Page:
Imagine if one of your relatives had a $300 million estate, and that relative recently passed away. When you learn of what assets will be passed on to you, a rumor emerges that your deceased relative may have had multiple wills, and that one of the wills was conceived under somewhat nefarious circumstances. It’s possible that some people, who may not have had any real personal connection or right to your deceased relative’s estate, found a way into the will by manipulating your relative as he or she declined.
It is a convoluted and confusing scenario, but it can happen. The dispute may not have this exact set of circumstances; but a poorly planned estate or will can create legal turmoil in the wake of someone’s death.
Take the situation that recently presented itself to the heirs of the Huguette Clark estate. Clark had a $300 million estate after her husband passed away. She lived a very long life — passing away in 2011 at the age of 104 — but was rarely seen in public. She spent much of the past two decades living in a medical facility.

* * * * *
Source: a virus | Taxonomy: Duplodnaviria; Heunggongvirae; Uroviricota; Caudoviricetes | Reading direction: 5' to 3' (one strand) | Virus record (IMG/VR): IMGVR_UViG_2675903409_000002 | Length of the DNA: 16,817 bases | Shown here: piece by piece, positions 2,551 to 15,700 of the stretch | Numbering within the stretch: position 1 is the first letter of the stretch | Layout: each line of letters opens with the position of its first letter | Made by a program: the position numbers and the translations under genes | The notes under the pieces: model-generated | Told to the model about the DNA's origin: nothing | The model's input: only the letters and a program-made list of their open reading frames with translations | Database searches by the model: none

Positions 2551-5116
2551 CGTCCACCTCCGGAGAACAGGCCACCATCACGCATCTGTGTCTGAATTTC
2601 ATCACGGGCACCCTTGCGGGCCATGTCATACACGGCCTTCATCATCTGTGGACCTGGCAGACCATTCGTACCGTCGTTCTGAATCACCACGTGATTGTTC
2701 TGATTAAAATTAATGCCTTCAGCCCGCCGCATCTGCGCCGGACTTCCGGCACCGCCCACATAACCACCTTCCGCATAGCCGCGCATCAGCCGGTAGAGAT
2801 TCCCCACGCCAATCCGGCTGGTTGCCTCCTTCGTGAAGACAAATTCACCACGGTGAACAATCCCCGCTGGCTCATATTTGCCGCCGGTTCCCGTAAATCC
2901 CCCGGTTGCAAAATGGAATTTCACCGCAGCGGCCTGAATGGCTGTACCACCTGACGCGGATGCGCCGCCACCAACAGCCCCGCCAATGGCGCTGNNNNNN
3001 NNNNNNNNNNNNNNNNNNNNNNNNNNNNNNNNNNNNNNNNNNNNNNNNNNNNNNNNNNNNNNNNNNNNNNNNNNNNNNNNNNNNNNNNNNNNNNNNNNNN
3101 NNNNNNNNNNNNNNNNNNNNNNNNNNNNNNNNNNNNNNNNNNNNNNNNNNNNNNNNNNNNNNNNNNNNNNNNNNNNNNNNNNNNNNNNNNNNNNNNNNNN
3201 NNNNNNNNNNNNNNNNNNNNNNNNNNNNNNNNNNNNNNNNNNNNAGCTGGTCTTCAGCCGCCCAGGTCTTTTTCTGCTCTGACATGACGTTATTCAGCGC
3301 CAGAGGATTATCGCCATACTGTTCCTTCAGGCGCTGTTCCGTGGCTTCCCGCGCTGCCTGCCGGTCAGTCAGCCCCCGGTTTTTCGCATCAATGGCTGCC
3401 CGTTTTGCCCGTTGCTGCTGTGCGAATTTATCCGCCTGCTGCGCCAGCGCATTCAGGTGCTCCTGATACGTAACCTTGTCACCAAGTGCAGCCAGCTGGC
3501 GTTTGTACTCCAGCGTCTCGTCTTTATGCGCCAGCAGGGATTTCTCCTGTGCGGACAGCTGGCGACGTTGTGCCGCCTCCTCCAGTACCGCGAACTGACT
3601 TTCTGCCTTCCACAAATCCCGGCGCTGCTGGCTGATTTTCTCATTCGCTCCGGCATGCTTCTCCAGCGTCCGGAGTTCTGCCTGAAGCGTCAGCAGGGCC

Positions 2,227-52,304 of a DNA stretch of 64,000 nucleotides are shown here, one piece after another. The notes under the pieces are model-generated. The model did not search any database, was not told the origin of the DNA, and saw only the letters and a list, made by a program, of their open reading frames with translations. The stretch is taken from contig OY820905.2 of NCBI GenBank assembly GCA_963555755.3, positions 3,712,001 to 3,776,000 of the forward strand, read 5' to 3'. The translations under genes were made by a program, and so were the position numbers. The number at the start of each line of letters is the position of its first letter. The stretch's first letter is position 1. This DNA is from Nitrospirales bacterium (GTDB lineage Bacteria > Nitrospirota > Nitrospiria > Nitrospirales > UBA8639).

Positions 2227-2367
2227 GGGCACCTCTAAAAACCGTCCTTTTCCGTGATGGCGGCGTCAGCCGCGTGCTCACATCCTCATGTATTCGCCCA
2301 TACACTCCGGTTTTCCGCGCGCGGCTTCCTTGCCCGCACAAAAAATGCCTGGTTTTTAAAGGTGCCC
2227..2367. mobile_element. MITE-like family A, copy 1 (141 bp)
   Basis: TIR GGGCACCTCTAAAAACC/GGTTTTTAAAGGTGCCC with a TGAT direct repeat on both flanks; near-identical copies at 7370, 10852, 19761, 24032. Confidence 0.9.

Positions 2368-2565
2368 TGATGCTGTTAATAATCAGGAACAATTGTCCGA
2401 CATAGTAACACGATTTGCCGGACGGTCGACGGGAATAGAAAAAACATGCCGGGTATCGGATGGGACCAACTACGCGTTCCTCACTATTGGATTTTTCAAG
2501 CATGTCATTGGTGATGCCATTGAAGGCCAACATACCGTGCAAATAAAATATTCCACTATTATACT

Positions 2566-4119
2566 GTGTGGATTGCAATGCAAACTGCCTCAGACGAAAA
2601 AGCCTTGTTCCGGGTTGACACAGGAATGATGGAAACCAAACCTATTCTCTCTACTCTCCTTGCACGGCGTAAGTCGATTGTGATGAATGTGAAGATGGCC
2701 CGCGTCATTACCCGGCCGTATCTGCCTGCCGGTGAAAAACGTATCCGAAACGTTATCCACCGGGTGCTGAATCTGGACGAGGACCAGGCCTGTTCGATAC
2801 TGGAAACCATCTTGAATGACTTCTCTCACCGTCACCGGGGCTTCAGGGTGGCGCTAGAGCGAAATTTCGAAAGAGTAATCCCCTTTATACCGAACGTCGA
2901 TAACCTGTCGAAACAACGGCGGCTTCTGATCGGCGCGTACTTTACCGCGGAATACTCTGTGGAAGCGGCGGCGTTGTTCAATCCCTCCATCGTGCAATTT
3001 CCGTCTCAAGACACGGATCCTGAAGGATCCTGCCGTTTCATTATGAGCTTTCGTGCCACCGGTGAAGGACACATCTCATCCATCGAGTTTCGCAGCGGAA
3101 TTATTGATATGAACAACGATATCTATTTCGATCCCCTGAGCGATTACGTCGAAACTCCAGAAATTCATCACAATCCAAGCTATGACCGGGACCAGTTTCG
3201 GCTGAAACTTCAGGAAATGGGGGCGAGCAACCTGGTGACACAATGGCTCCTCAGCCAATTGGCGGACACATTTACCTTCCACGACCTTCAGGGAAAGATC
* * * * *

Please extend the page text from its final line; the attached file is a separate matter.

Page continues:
While at that facility, it appears some staffers and other people made Clark write a second will that cut them in on her estate, while virtually wiping Clark’s relatives out of the picture. After a couple of years debating the issue, the parties involved with the two wills struck a deal that will assure the estate is split in an agreeable fashion.
This story highlights the need for a clear, organized and well-thought-out estate plan; and it also shows that you should be considering your estate (and a will) well before you reach an age where it may be more difficult to appropriate assets.
Source: Associated Press, “Deal Over Heiress’s Two Wills Benefits Charities and Family,” Sept. 24, 2013
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